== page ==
• FDIC insured- The funds in your savings account are secured up to $250,000 per depositor, bank, and account type.

Cons of Using savings accounts

  • Fees: Banks and credit unions may charge account maintenance fees, debit card charges, check charges, etc. on savings accounts.
  • Low Interest: Savings accounts usually pay lower interest than CDs, mutual funds, and bonds.
  • Fluctuating Interest Rate: Unlike CD or bonds, the interest rate on savings accounts can change drastically depending on market conditions.
  • Minimum Balance Requirement: Some banks require you to maintain a minimum balance on your savings account.
  • No ATM/Check Facility: Some banks do not allow ATM or check facility with a savings account. You may need to open a checking account for convenient withdrawals.


There are more than 4500 banks and credit unions in the USA, with some offering almost 20 times the average interest rate on savings account. You can diversify your savings and park your funds in some of these high-yield savings schemes. Bank rates also change quickly, so ensure that your bank consistently provides higher than average interest rates on savings accounts. Due to lower overhead costs, online banks can offer higher interest rates and lower fees than brick-and-mortar counterparts. You can choose any FDIC-insured online bank to grow your savings.

If you are earning less than 1% APY as of 2022, you can open a savings account in an online bank or park funds in a money-market account to get a higher return on your deposits. While browsing for savings account interest rates, make sure to read the fine print and check the three minimums; minimum account opening balance, minimum balance to earn APY, and minimum balance to avoid excess fees.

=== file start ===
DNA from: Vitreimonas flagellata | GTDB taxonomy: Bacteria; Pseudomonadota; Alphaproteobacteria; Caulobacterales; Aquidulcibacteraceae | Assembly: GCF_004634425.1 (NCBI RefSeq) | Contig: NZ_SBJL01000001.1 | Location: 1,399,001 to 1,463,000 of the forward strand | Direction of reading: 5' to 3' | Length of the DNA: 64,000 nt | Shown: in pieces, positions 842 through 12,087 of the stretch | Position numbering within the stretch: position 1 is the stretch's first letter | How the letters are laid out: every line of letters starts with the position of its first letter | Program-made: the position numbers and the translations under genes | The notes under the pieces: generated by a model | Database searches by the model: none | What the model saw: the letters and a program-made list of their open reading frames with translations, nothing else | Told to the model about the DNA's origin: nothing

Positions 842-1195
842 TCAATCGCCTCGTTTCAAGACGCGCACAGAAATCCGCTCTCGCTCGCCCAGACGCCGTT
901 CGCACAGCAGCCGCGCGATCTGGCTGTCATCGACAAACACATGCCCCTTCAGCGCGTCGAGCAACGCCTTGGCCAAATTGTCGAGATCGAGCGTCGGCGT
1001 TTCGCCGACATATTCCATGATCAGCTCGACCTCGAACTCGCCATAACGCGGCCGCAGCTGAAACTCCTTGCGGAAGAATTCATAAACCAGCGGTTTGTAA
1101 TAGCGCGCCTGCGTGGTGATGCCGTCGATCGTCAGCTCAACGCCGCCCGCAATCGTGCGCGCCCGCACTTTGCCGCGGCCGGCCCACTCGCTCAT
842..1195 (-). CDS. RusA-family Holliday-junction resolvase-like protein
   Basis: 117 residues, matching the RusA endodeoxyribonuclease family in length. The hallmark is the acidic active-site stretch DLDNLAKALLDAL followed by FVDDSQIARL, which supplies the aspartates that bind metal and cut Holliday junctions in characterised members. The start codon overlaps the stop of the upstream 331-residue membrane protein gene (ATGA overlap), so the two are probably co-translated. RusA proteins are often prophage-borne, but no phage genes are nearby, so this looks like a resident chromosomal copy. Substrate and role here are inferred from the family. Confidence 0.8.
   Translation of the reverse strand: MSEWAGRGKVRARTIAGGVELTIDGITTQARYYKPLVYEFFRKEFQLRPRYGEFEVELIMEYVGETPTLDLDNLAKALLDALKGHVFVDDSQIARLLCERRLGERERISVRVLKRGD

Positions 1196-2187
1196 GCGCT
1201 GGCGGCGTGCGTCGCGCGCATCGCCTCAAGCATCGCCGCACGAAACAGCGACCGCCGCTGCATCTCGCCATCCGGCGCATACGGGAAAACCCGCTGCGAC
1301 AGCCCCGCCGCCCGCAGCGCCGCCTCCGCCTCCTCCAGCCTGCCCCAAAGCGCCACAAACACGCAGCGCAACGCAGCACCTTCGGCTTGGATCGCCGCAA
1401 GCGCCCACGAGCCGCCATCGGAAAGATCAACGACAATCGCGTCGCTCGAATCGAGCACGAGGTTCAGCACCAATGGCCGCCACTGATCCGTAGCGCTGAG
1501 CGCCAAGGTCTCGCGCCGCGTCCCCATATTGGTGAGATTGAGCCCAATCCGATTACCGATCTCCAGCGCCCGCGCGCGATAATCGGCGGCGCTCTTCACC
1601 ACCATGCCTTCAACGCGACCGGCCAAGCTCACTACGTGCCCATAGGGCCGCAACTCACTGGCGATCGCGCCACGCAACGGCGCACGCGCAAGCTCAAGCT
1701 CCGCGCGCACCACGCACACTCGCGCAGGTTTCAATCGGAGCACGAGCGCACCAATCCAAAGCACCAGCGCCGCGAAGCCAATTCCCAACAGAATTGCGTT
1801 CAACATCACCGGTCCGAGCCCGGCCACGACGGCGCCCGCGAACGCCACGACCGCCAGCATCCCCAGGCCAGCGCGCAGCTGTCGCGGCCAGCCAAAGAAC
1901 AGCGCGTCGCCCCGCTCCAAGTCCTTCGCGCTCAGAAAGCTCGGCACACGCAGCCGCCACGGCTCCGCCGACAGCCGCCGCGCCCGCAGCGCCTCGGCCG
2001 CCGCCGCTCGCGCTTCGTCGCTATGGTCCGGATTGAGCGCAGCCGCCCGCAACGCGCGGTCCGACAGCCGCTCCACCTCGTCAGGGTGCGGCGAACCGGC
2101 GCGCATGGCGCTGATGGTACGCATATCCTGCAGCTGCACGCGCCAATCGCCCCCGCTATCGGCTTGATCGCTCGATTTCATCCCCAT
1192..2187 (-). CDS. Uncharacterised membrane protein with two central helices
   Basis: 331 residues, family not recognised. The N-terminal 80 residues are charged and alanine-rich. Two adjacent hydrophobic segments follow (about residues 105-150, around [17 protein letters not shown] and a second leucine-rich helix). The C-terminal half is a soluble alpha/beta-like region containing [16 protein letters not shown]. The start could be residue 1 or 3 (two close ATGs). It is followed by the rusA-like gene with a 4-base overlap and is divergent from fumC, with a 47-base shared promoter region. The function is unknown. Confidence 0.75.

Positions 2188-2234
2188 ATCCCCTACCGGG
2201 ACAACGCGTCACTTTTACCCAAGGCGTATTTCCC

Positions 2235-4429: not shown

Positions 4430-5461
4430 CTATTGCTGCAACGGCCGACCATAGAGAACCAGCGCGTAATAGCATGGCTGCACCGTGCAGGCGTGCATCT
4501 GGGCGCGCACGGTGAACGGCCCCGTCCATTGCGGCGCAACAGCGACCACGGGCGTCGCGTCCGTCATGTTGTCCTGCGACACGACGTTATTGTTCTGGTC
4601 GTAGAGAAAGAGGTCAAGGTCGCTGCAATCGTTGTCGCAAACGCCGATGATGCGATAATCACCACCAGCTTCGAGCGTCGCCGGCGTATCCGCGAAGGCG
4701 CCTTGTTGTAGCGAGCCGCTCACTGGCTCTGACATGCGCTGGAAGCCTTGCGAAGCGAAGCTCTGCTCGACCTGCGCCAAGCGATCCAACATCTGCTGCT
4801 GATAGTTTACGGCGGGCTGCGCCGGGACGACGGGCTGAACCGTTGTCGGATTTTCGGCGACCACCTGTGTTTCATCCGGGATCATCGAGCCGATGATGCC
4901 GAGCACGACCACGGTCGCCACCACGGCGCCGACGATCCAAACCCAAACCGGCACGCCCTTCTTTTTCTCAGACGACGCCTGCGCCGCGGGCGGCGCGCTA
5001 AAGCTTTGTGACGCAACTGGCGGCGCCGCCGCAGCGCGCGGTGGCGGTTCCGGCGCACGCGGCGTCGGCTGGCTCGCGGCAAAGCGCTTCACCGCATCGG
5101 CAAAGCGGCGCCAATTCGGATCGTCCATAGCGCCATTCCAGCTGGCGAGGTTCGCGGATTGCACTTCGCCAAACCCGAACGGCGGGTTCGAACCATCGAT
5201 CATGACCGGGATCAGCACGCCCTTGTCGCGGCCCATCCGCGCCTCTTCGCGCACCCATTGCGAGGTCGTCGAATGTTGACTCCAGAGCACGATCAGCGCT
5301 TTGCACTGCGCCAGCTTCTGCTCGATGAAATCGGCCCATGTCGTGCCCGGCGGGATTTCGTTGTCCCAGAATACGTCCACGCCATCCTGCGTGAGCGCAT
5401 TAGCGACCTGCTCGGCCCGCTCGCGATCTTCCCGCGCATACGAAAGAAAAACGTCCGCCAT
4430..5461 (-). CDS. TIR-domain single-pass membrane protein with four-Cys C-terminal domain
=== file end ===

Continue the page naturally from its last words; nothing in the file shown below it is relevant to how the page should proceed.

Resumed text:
Is it better to have a savings account or invest?

It depends on your risk appetite and financial goals. If you are young and have a constant source of income, you can invest a major portion of your salary in bonds, stocks, gold, or crypto assets. However, your investments may experience high volatility, so make sure you have enough savings to run daily expenses. On the other hand, if you want to retire peacefully, you may park your funds in low-risk assets like CDs, individual retirement accounts (IRA), pension funds, health savings accounts (HSA), etc. and keep some liquid cash for emergencies in a savings account. 

How do I get a high-interest rate on my savings account?

You can get a high-interest rate on your savings account by choosing an online bank or opening a money-market account. Online banks provide higher interest on deposit accounts than traditional banks. You can also indirectly invest in government bonds, commercial papers (CPs), and certificates of deposits (CDs) through Money Market Deposit Accounts (MMDA). When bond prices (underlying assets) increase, you can earn more interest on a money market account. You may also get an additional dividend on your funds. You can withdraw your money from an MMDA through an ATM or check. 

Are savings accounts worth it?

The biggest advantage of your savings accounts is access to funds. You can easily withdraw cash or pay your online bills with a savings account. You can also use your savings account to create a short-term emergency fund from your surplus income. Depending on your financial goals, risk appetite, transaction frequency, rate of inflation, and cash demand, parking some free cash in a savings account is worth it. 

What is a good interest rate on a savings account?

Financial advisors consider any rare above 1% APY (10 times the average savings account interest) a good interest. Make sure to check the account maintenance fees, debit card charges, and transaction limits while comparing interest rates.  

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Written by Matthew Levy

Matthew is a freelance financial copywriter with 14+ years in financial services. He holds a Bachelor of Science degree in Economics with business and finance options and is a CFA Charterholder. He is from Vancouver, Canada, but writes from all over the world.